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The Kotzk Podcast

The Kotzk Podcast

By Jordan Wosnick
Join hosts Jordan Wosnick and Rabbi Gavin Michal for a Kotzk-inspired look at some of the lesser-known events, books, and people in Jewish history. New episodes every three to four weeks, based on articles from the Kotzk Blog,
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Kotzk Podcast Ep012: The Turkish Jews still wave
Jews from Turkey and some Syrian communities have the unusual practice of waving to one another just prior to reciting the silent Amidah prayer. This ancient custom was first described in writing in the 17th century, and although many mystical and technical explanations have been advanced, its true origin remains unknown. In this episode, Gavin and Jordan explore the reasons for the custom and how it has been described -- and discouraged -- over the centuries. Read the original blog post at
April 06, 2021
Kotzk Podcast Ep011: Radical Rav Kook
Rabbi Abraham Isaac Kook (1865-1935) was a fiercely independent thinker, and one of the leading figures of the emerging Religious Zionist movement in pre-State Mandatory Palestine. He held "unorthodox" views that were condemned by the religious world in his era, and the study of his writings is discouraged in many communities even to this day. In this episode, Gavin and Jordan explore Rav Kook's radical views on the interface of spirituality and halacha, of rationalism and mysticism, of the religious world and the atheist world, Rembrandt, vegetarianism, and much more. Read the original article at
February 28, 2021
Kotzk Podcast Ep010: Angels in Rabbinic literature: can we pray to them?
Most Jews would readily agree that angels exist in Judaism -- they are mentioned in many places in the Chumash, and we incorporate them into hymns such as Shalom Aleichem. Interestingly, the Mishnah does not mention angels at all, and there was a vigorous debate among the Rishonim commentators as to the reality of angels. In this episode, Gavin and Jordan discuss the history of angels in Rabbinic thought, the rational and mystical approaches, and modern reactions to liturgical texts that invoke angelic intervention.  Read the original articles at and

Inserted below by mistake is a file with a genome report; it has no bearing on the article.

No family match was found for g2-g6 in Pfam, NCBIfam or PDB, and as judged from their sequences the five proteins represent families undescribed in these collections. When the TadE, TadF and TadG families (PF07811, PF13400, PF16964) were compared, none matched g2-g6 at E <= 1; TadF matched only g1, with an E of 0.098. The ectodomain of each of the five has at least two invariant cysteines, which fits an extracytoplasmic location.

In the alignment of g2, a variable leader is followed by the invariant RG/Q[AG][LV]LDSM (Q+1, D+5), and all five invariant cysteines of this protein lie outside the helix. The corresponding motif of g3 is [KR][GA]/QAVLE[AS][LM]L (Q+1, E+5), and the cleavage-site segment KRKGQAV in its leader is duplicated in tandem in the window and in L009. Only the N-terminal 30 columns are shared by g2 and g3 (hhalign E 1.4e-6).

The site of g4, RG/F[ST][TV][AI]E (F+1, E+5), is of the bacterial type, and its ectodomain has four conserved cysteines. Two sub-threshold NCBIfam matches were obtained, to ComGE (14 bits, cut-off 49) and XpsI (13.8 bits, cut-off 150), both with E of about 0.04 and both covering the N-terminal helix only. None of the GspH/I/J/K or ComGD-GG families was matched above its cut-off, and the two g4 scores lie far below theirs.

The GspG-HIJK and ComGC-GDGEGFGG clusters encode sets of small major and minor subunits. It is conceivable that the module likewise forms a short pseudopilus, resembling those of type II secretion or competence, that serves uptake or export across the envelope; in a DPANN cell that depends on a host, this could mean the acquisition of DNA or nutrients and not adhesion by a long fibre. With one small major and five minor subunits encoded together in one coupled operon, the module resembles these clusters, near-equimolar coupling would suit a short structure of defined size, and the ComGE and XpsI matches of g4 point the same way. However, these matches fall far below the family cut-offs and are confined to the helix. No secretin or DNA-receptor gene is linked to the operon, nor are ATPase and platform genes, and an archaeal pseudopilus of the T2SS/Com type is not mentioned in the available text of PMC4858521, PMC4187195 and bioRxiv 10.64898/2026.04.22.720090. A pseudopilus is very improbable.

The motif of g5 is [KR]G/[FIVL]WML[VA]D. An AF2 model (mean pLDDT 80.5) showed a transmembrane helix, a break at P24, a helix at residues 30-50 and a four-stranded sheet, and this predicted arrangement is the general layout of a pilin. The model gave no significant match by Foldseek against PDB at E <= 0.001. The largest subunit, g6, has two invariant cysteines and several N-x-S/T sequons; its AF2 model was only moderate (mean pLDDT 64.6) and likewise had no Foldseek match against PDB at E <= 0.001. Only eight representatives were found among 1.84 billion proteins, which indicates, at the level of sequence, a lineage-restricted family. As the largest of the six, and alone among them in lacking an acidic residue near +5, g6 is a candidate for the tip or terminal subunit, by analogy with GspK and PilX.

January 14, 2021
Kotzk Podcast Ep009: The origins of a latecomer davening in full, at the expense of reciting the Amidah with the community
What's the proper course of action when one arrives late to synagogue, and the service has already begun? Though traditional sources emphasize the importance of reciting the Amidah with the community, and recommend that latecomers change the order of their tefillot to accomodate this, many people have the practice of reciting the entire service in order -- no matter what. In this episode, Gavin and Jordan discuss the origins of this custom in early 18th-c. Amsterdam, the cultural climate that made its chief proponent stand out so much, and the long Rabbinic debate that ensued. Read the original article at
December 08, 2020
Kotzk Podcast Ep008: We have books, we don't need teachers or permission to teach
In the time of the Mishnah and Talmud, the Halachic tradition was passed down orally, from teacher to student. The canonization of the Talmud in written form provided new pathways for the dissemination of Rabbinic teaching, and by the time of the Tosafists (12th-13th c., northern France), influential Rabbis were asserting the right to teach and even to contradict local Rabbinic authorities. In this episode, Gavin and Jordan discuss the cultural environment that made this possible, and some of the prominent figures who advocated for a massive change to the transmission of Judaism.  Read the original article at
October 30, 2020
Kotzk Podcast Ep007: Was Rashi a mystic?
Jewish mysticism of 11th century Ashkenaz (Germany and northern France) was not Lurianic Kabbalah, but rather a much more primal form of mysticism based on the Merkava and Heichalot texts of the Rabbinic or Geonic periods. Despite some statements to the contrary, it appears that the great commentator Rashi -- known for his extensive and comprehensive commentaries on the Tanach and the Talmud -- was aware of these mystical traditions. In this episode, Gavin and Jordan discuss the evidence for Rashi's mysticism and where he might have learned it, with a side-discussion on the real reason why we spill drops of wine at the Passover seder. Read the original blog post at